Following the Rules: Fiction
Blogger: Wendy Lawton
Location: Books & Such Central Valley, California Office
Weather: A little sunny and 62º
So far this week we talked about common sense rules for the entire submission process and for connecting with editors and agents. I’m going to take a little detour here. Since I’m talking about oft-repeated rules that may not be as carved in stone as most would have you believe, I want to talk about the rules for fiction.
If you’ve been part of a writing group, whether online or in person, no doubt you’ve heard the bedrock rules. Show, don’t tell. No backstory in the first umpteen pages. No flashbacks in children’s fiction. Stay away from prologues.
As someone who reads an inordinate number of manuscripts each year, I can assure you that these rules are meant as guidelines only. When slavishly followed, they lead to all kinds of problems.
So what’s a writer to do?
The answer is simple: honor the story and don’t be a slave to rules. Each one of those rules is meant to help you write a better story but goose-stepping to a set of rules can suck the very life out of your novel. Let me take just one oft-repeated rule and examine it.
Show, Don’t Tell. You’ve heard this hundreds of times. It’s repeated so often because it’s good advice. . . but only up to a point. What it means is that instead of telling us the story, the good writer will show it—letting it unfold before our eyes. It’s so much more immediate. Unfortunately, I see too many manuscripts where the adage is taken to the limit. Every minute detail is shown. Every emotion is carefully etched on every character’s face– in the droop of his shoulders, the shuffle of his feet. Even walk-on characters are named and shown in excruciating detail. There is precious little narrative, just scene after scene.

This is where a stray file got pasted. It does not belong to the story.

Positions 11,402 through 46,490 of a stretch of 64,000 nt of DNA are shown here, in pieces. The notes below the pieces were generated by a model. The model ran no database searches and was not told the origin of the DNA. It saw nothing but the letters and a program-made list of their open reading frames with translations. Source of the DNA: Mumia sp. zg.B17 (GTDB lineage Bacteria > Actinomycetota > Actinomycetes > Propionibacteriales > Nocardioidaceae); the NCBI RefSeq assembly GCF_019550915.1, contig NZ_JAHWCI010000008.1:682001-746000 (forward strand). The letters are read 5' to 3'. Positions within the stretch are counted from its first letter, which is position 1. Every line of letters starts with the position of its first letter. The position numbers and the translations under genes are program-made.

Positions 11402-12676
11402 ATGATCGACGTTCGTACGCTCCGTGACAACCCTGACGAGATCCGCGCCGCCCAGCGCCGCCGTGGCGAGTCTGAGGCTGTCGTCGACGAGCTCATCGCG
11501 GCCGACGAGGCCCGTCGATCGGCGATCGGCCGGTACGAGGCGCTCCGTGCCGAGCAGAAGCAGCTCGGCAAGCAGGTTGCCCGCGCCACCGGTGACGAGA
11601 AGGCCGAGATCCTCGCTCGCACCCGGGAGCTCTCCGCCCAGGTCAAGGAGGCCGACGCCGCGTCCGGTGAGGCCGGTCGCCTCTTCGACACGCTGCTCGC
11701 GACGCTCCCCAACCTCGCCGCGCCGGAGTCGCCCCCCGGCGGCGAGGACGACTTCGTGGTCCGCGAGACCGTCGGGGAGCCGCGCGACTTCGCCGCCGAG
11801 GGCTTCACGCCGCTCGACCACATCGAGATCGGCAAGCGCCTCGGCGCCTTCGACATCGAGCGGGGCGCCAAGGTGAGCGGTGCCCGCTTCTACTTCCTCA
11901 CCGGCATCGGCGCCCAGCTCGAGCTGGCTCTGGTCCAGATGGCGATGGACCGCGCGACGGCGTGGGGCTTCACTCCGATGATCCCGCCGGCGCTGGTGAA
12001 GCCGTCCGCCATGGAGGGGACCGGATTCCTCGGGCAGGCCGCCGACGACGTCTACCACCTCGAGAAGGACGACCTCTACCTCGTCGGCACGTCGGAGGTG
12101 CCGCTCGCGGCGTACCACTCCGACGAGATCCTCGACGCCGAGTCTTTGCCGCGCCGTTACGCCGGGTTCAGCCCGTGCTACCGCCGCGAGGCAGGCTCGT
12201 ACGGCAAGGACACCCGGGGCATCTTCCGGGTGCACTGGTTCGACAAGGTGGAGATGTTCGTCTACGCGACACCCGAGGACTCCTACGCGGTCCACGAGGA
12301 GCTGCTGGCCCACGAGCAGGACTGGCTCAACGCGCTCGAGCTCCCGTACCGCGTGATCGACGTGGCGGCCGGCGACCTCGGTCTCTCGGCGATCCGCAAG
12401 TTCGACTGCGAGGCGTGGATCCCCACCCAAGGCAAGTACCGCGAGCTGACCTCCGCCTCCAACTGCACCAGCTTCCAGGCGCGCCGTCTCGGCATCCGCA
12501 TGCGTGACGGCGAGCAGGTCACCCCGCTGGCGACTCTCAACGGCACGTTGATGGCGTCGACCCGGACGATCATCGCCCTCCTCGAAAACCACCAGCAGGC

By the third manuscript page the reader is worn out. The story is overwritten– overwrought. I tend to put this kind of manuscript down by the end of the first page.
A skillful writer knows that you tell the parts you want to speed up. You show the significant parts. The careful balance of the two will move the story along. Showing is the way we focus the reader’s attention. It’s like taking the reader’s face in your hands and aiming it toward the important elements of the story—that’s what showing does. If you take that face and aim it all over the place, your reader will end up with literary whiplash.
The art comes in the perceptive use of both showing and telling. It’s all about pacing and highlighting.
Other times you want to tell? If you want to artistically handle violent scenes, use a judicious telling instead of showing. Your gentle reader will bless you. The same with overtly sexual scenes. If your genre does not call for sexuality, those scenes can be told with taste and artful omission.
The next time you’re critiqued by a neophyte rule-follower who smugly points out every instance of “telling” in your manuscript, I want you to be able to explain why you used telling in some places and showing in others. Okay?
And that’s just one fiction rule we’ve debunked. The more you read fine fiction, the more you will see that every “rule” can be broken with impunity in the hands of a skillful novelist.
Now it’s your turn: Do you agree or disagree? What about prologues? How about point of view? Are their other fiction rules that need to be debunked?